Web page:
Updated: March 5, 2021
The Executive Board of the International Monetary Fund (IMF) on Friday approved US$5.2 billion loan for Egypt to respond to COVID-19 economic crisis. The 12-month Stand-by Arrangement would help meet Egypt’s balance of payments needs as well as finance its budget deficit.
The $5.2 billion loan for Egypt is the highest financial assistance for any country in Africa to combat COVID-19, second only to the $3.4 billion loan the IMF granted Nigeria last April. The new approval pushes the total loans granted African countries to respond to the pandemic to over $15 billion so far, or the equivalent of 15 years in loan prior to the pandemic when the IMF was granting Africa only about $1 billion a year.
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IMF said the Fund-supported program would also help Egypt preserve the achievements made over the past four years, support health and social spending to protect vulnerable groups, and advance a set of key structural reforms for sustained recovery.
According to the IMF, Egypt was one of the fastest growing emerging markets prior to the COVID-19 outbreak. However, the significant domestic and global disruptions from the pandemic have worsened the economic outlook and reshuffled policy priorities.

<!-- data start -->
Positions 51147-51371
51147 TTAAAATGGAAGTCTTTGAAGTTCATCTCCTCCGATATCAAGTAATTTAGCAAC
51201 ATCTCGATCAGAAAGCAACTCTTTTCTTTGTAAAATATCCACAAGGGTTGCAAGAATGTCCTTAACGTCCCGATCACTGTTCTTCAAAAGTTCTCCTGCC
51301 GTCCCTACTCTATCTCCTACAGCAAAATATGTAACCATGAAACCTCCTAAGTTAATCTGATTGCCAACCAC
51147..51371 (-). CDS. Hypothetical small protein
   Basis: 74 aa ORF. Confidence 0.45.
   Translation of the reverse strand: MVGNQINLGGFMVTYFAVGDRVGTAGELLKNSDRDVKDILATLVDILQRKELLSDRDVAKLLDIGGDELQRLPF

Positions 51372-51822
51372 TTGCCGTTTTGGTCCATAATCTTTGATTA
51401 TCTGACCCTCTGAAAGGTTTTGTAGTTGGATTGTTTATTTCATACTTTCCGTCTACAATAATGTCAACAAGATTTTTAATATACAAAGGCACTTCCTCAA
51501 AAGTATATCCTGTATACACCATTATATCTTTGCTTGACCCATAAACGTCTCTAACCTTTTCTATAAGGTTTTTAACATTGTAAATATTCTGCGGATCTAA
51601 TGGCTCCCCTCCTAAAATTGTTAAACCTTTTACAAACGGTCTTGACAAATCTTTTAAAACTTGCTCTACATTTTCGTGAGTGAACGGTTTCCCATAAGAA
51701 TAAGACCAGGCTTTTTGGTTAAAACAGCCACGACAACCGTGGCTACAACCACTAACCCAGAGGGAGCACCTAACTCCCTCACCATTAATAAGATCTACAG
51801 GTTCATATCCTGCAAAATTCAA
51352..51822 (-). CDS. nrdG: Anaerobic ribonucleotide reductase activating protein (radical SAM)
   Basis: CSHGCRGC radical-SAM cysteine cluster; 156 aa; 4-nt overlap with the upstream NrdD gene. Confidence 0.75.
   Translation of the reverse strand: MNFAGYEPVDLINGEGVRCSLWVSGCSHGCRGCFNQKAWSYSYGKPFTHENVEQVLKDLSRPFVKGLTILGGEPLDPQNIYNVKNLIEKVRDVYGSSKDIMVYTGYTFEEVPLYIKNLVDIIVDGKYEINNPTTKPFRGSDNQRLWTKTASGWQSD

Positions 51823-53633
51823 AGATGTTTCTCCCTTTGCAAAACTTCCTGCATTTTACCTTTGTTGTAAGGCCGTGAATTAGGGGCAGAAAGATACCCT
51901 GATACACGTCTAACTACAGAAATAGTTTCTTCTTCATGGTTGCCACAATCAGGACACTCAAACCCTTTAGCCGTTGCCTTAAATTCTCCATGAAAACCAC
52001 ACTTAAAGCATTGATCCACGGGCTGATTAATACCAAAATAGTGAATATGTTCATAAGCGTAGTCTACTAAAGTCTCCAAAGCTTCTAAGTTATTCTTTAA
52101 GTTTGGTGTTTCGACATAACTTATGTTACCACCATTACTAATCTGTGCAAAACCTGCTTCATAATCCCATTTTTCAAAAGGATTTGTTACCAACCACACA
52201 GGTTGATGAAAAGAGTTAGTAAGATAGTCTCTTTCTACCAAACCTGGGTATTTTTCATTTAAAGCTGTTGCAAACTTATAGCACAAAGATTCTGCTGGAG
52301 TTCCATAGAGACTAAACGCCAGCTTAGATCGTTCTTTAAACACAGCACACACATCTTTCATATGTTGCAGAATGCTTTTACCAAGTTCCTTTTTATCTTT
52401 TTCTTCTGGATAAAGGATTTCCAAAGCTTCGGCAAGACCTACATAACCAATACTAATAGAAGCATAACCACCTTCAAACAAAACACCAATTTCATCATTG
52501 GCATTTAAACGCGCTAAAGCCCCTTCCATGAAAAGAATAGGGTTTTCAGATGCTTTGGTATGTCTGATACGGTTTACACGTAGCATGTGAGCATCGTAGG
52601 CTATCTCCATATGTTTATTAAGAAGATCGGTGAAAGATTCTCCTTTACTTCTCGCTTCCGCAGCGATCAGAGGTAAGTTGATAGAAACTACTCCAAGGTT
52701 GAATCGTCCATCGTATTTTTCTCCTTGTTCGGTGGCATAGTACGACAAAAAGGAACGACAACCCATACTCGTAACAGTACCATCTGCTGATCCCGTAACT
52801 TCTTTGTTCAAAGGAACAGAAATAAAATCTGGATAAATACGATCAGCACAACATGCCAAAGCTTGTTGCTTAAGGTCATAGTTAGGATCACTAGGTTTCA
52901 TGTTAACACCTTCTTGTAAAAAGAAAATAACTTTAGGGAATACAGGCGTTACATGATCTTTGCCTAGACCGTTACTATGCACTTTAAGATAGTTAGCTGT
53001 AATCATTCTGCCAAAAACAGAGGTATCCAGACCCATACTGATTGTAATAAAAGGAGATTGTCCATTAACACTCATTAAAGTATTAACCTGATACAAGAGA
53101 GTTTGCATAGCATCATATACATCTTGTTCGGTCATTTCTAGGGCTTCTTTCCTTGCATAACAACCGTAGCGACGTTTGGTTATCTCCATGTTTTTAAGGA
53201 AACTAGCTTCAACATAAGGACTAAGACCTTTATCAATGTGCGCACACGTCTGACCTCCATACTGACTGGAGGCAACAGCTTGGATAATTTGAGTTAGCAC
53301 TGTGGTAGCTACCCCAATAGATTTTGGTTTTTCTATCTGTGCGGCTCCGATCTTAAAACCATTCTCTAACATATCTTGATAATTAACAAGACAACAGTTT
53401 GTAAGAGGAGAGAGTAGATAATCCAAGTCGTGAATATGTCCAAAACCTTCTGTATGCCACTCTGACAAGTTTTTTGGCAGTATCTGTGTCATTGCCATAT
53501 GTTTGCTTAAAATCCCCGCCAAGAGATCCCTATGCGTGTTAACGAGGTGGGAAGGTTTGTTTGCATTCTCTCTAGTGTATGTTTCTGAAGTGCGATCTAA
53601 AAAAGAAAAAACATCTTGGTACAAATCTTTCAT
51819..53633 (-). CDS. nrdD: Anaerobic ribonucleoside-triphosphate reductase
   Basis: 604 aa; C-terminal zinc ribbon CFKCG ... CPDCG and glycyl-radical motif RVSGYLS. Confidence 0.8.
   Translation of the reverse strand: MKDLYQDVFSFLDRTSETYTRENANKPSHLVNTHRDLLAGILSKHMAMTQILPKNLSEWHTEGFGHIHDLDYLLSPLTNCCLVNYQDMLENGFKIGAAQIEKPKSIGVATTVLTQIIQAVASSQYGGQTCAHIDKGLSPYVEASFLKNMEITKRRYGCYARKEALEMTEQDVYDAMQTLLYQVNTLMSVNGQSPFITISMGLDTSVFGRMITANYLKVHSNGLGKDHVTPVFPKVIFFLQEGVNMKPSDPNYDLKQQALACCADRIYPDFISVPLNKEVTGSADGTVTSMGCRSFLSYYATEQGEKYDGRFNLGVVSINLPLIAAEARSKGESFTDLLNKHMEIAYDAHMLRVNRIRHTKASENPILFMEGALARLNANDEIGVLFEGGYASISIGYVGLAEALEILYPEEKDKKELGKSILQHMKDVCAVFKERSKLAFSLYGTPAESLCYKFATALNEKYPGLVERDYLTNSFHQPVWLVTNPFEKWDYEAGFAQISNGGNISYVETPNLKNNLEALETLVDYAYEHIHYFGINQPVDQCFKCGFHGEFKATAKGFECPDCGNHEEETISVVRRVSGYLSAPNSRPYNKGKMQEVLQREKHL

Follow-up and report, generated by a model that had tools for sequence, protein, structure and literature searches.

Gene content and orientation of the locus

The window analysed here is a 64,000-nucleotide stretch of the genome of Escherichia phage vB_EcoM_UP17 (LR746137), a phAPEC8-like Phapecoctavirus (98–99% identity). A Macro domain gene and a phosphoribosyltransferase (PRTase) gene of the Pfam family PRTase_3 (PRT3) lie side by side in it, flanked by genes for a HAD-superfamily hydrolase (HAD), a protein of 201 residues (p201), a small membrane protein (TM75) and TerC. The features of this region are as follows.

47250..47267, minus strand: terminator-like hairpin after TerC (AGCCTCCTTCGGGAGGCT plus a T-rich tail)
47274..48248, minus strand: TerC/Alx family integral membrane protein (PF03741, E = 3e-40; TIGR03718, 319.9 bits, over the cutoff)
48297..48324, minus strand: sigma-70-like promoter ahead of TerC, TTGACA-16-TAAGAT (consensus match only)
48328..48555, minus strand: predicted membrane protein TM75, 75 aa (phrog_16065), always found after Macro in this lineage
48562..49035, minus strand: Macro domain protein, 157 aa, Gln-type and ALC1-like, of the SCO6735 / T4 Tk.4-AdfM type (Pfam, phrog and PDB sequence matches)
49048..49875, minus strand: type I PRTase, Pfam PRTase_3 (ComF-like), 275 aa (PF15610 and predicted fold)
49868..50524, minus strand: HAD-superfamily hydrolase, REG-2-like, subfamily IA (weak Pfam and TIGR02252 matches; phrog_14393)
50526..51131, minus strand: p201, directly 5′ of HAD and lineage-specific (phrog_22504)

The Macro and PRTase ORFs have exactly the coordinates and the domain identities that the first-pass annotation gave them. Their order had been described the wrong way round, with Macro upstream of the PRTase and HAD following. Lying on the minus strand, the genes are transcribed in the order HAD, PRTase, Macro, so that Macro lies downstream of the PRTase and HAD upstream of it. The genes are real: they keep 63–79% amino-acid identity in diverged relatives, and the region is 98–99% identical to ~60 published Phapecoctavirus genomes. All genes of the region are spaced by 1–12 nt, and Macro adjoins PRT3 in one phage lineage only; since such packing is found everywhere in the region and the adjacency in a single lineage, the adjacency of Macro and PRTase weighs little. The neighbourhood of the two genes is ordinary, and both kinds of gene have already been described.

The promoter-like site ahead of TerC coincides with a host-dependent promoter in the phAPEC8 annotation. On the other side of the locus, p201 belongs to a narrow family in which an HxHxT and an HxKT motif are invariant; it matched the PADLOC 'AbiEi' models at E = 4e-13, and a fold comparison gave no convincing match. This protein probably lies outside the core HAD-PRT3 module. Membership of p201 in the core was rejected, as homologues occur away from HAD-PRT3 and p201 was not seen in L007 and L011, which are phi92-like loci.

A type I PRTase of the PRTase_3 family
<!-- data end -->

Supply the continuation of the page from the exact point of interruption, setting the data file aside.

Ms. Antoinette Sayeh, IMF Deputy Managing Director and Acting Chair, said “over the past few years, Egypt saw strong growth, falling unemployment, moderate inflation, buildup of strong reserve buffers, and significant reduction in public debt.”
“The authorities were looking to broaden and deepen structural reforms begun under the Extended Fund Facility, but the COVID-19 pandemic has temporarily refocused government priorities to address the economic and health crisis,” she said.
Ms. Sayeh said “the new Stand-By Arrangement, together with recent RFI, supports the authorities’ ongoing efforts to mitigate the economic and social impact of the crisis while maintaining macroeconomic stability and safeguarding past achievements.”
“Together with the support of Egypt’s development partners, disbursements from the SBA will help address large financing needs.
“Policies supported by the SBA will focus on addressing the immediate crisis needs including critical spending on health, social programs to protect the most vulnerable, and assist directly affected sectors while safeguarding medium-term fiscal sustainability, anchoring inflation expectations, and preserving exchange rate flexibility.
“Structural reforms will aim to continue strengthening the frameworks for public finances, improve governance and transparency, and reduce barriers to competition to ensure a path towards sustainable and inclusive private sector-led growth,” she said.